In my last few posts (a few months ago), I reviewed the process of downloading ebooks from online libraries and compared the differences between using these files on the Nook, the Kindle, and Nook and Kindle apps on tablets/smartphones. This time I am finally going to cover limitations of e-readers.
Number of Devices That Can Share an Account
For both the Kindle and OverDrive Media (ODM), the number of devices that can be registered to a single user ID is six. It is pretty easy, however, to change the account on a Kindle–and change back–without losing files. And if you exceed six devices, you simply get booted out of ones you aren’t using and have to re-enter your user ID and password the next time you use it.
But if you reach the limit with Overdrive Media and want to add a new device, you have to call Adobe’s customer service number, wait on hold and then find your way to the right agent who can reset your account. Be warned. Consider very carefully which devices you want to have on your account before you use all six of your Adobe Digital Reader (Overdrive) registrations. This includes the Nook devices, because Adobe Digital Editions must be used to download and transfer the library files to your Nook.
The Nook app, on the other hand, can be installed on unlimited devices under the same user ID. Everyone in the family can share the same purchased books on the Nook app and devices. The catch is that you have to register your account with a credit card number. You will, of course, not want to give out your credit card number to anyone and everyone. Therefore publishing houses are confident you will self-limit the number of devices you register. And the Nook app doesn’t support library ebooks anyway. You will have to download and read them with the Overdrive Media app, my least favorite ebook reader.
Organizing Books and Other Files
Another small irritation I found with the apps (Kindle and ODM) is that they do not allow the user to make categories to organize book files. On my Kindle and Nook I have categories or shelves for all my books. I can organize my book files in such a way that I can find them easily. I also keep a shelf of all library books I have read but which have expired. I can’t open these files anymore, but I’ve found having the cover thumbnails useful when I want to tell someone about a book I’ve read. I have the title and author’s name at my fingertips.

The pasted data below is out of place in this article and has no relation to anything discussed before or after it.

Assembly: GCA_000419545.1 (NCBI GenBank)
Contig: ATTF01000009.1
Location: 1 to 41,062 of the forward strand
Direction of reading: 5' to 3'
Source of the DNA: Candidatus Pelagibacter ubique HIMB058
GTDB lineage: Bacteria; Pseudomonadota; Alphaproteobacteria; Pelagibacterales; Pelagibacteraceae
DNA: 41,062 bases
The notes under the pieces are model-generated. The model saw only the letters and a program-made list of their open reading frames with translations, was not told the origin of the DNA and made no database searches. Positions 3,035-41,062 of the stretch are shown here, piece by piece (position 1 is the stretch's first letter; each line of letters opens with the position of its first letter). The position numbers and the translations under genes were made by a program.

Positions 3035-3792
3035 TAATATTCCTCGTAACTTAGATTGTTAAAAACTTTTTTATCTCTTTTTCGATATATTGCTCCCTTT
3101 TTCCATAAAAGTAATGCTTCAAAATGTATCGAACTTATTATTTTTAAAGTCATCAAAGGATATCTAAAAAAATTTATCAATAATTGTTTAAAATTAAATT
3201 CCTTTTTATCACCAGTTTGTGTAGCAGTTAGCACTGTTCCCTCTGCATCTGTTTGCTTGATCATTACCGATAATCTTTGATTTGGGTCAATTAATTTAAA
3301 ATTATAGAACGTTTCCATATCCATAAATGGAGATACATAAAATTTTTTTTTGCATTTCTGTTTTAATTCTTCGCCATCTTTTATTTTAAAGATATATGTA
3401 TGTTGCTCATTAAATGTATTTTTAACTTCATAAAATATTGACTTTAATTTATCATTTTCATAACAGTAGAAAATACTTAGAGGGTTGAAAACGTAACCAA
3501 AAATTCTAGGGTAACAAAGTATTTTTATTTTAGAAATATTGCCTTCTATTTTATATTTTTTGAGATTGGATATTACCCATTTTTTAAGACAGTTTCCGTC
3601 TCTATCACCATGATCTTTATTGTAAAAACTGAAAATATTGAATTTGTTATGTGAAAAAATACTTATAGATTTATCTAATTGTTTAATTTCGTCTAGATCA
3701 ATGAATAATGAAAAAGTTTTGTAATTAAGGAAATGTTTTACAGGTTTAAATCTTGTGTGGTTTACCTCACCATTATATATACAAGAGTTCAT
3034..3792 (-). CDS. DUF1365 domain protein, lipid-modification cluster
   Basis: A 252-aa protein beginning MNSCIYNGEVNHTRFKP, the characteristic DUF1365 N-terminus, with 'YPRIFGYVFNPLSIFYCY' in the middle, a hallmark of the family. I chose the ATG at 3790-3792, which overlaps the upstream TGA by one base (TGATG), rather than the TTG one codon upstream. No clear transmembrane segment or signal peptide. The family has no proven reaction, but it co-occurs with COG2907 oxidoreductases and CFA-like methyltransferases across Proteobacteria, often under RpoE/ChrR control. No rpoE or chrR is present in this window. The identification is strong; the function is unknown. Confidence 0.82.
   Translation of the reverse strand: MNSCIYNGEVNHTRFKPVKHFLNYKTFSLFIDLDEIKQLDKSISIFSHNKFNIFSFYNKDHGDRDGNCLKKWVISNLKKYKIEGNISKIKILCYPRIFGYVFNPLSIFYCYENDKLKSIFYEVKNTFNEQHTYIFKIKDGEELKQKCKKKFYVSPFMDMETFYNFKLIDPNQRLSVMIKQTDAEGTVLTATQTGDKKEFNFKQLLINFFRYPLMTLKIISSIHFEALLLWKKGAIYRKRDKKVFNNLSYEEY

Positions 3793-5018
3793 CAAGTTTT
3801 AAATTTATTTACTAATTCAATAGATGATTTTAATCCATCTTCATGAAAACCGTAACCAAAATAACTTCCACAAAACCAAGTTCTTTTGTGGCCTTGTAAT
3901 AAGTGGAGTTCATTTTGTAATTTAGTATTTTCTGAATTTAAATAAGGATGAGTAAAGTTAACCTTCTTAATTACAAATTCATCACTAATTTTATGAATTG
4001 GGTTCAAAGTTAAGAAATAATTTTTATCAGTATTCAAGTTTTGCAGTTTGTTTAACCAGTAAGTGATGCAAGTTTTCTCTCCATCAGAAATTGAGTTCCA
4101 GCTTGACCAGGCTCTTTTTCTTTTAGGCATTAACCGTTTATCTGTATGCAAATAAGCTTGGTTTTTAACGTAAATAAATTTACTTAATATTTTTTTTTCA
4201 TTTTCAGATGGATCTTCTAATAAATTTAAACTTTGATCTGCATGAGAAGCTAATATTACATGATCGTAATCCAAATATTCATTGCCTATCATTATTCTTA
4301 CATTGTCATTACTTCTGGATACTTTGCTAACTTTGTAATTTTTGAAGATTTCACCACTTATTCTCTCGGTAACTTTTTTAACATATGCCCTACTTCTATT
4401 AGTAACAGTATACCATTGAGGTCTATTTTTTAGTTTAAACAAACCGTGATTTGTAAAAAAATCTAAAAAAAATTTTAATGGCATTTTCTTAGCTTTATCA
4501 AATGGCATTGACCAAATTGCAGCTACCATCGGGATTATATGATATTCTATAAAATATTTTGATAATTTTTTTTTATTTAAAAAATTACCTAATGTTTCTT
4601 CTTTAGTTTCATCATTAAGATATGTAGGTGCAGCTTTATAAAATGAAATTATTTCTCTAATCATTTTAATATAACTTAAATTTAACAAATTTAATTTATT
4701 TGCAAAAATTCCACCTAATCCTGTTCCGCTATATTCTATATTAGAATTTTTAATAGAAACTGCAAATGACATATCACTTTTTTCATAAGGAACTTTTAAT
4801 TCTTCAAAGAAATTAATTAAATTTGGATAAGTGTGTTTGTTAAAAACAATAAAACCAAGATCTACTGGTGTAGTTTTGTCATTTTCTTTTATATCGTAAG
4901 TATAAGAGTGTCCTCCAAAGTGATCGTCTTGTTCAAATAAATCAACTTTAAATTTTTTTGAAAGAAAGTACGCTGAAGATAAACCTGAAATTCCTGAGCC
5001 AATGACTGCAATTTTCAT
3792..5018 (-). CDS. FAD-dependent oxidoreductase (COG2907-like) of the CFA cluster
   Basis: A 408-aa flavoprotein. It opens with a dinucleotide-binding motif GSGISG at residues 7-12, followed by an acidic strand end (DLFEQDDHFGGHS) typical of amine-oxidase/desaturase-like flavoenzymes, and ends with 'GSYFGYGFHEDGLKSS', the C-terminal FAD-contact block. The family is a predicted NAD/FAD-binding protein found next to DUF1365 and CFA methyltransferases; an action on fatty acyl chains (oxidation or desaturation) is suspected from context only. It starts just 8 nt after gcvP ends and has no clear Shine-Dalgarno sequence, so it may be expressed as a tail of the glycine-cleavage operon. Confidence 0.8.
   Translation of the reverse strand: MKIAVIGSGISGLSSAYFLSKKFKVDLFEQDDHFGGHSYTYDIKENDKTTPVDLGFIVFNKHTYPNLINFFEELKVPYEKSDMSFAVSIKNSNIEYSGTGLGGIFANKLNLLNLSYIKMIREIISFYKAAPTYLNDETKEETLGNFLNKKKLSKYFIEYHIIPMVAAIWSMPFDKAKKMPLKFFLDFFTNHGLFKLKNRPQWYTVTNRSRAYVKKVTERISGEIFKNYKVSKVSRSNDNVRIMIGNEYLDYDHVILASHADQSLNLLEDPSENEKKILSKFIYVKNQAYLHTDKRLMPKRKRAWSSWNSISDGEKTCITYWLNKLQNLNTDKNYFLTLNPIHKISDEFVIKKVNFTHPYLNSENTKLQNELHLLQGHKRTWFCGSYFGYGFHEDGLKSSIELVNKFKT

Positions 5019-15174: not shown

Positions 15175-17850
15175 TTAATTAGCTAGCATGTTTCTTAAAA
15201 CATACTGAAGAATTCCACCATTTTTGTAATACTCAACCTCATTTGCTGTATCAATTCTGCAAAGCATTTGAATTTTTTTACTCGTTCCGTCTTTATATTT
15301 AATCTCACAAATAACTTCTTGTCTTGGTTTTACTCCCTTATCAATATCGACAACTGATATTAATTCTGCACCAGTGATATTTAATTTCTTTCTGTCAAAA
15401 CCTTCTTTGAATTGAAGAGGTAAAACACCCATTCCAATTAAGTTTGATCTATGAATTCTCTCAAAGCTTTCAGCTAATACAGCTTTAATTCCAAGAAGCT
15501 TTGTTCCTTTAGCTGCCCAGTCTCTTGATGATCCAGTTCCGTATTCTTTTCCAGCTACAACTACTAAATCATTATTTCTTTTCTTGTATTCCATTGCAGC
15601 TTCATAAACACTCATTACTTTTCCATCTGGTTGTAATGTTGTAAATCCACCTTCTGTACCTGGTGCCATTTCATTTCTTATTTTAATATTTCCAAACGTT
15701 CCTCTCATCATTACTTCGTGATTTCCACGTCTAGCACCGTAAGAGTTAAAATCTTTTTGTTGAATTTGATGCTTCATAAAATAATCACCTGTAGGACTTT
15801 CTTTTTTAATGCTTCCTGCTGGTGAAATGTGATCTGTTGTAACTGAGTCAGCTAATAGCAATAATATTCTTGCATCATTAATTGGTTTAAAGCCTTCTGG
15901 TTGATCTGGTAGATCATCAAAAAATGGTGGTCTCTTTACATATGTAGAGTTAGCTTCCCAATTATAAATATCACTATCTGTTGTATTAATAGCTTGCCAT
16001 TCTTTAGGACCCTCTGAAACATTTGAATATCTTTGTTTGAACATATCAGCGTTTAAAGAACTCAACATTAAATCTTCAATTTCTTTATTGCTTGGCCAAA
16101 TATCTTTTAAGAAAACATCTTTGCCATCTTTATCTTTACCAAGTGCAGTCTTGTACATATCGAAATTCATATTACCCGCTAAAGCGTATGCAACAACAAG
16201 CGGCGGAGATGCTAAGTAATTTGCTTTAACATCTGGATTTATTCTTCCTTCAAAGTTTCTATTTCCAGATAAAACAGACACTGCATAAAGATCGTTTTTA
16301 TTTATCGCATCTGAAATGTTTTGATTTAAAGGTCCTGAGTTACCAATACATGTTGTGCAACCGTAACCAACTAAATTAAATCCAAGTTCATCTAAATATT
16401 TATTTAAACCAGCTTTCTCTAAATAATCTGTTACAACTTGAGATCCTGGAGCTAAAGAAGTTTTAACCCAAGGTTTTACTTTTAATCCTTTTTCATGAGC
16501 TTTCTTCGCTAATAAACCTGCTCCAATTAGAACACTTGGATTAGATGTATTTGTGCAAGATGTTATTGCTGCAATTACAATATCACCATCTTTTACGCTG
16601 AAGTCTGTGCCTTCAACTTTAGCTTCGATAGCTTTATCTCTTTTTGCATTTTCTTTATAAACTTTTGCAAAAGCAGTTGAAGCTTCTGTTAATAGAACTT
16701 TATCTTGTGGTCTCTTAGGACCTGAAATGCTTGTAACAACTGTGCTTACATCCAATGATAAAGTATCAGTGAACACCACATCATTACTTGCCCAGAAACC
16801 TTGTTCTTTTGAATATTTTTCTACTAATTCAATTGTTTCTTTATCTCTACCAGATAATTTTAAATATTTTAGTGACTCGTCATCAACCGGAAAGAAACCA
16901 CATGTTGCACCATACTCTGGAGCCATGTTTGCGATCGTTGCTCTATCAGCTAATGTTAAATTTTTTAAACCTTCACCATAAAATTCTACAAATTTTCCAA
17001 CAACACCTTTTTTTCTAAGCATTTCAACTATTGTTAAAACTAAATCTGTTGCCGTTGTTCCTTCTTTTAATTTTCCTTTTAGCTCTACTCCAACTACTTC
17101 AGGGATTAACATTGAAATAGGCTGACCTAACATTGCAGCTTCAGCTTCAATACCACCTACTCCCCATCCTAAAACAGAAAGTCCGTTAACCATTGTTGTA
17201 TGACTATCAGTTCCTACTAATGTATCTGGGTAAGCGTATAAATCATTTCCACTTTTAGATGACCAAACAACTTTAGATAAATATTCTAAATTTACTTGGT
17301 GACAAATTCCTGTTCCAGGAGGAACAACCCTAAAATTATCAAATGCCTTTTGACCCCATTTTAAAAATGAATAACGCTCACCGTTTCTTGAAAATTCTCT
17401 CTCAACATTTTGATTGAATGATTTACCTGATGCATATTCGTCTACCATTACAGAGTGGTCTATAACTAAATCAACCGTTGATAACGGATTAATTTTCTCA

Overall, how do the different devices and apps for library e-books compare? Before the introduction of the Kindle Fire and touchscreen Kindles, I would have said that Nook is the superior device for reading any e-book–library or not–despite its initial inconvenience with downloading. Its notes, highlights and built-in dictionary, and touchscreen give it the advantage over the 3rd Generation Kindle, Kindle App, and OverDrive Media.
Now, I believe the Kindle Fire and touchscreen Kindles match or beat the Nook in features and have an advantage in the convenience of downloading. If I want to have access to my notes and highlights later, Kindle library e-books are preferable. But if the book is one with a lot of words that I will have to look up, I would prefer to use my Nook or Kindle device (instead of one of the apps) for the built-in dictionary. That way I can look up words even if I’m riding in the car without Wi-Fi access. The problem for Kindle users is that libraries seem to have the books I want as EPUBs only. So, sometimes there isn’t a choice. But that may change.
For now, I sometimes download library books to the Kindle app, especially if I want to the kids to read them. If I had a touchscreen, backlit Kindle (Kindle Fire), that would be my first choice. But since I have only an older 3rd generation Kindle, I still download library e-books mostly to my Nook Color because the advantages of the device still trump the apps.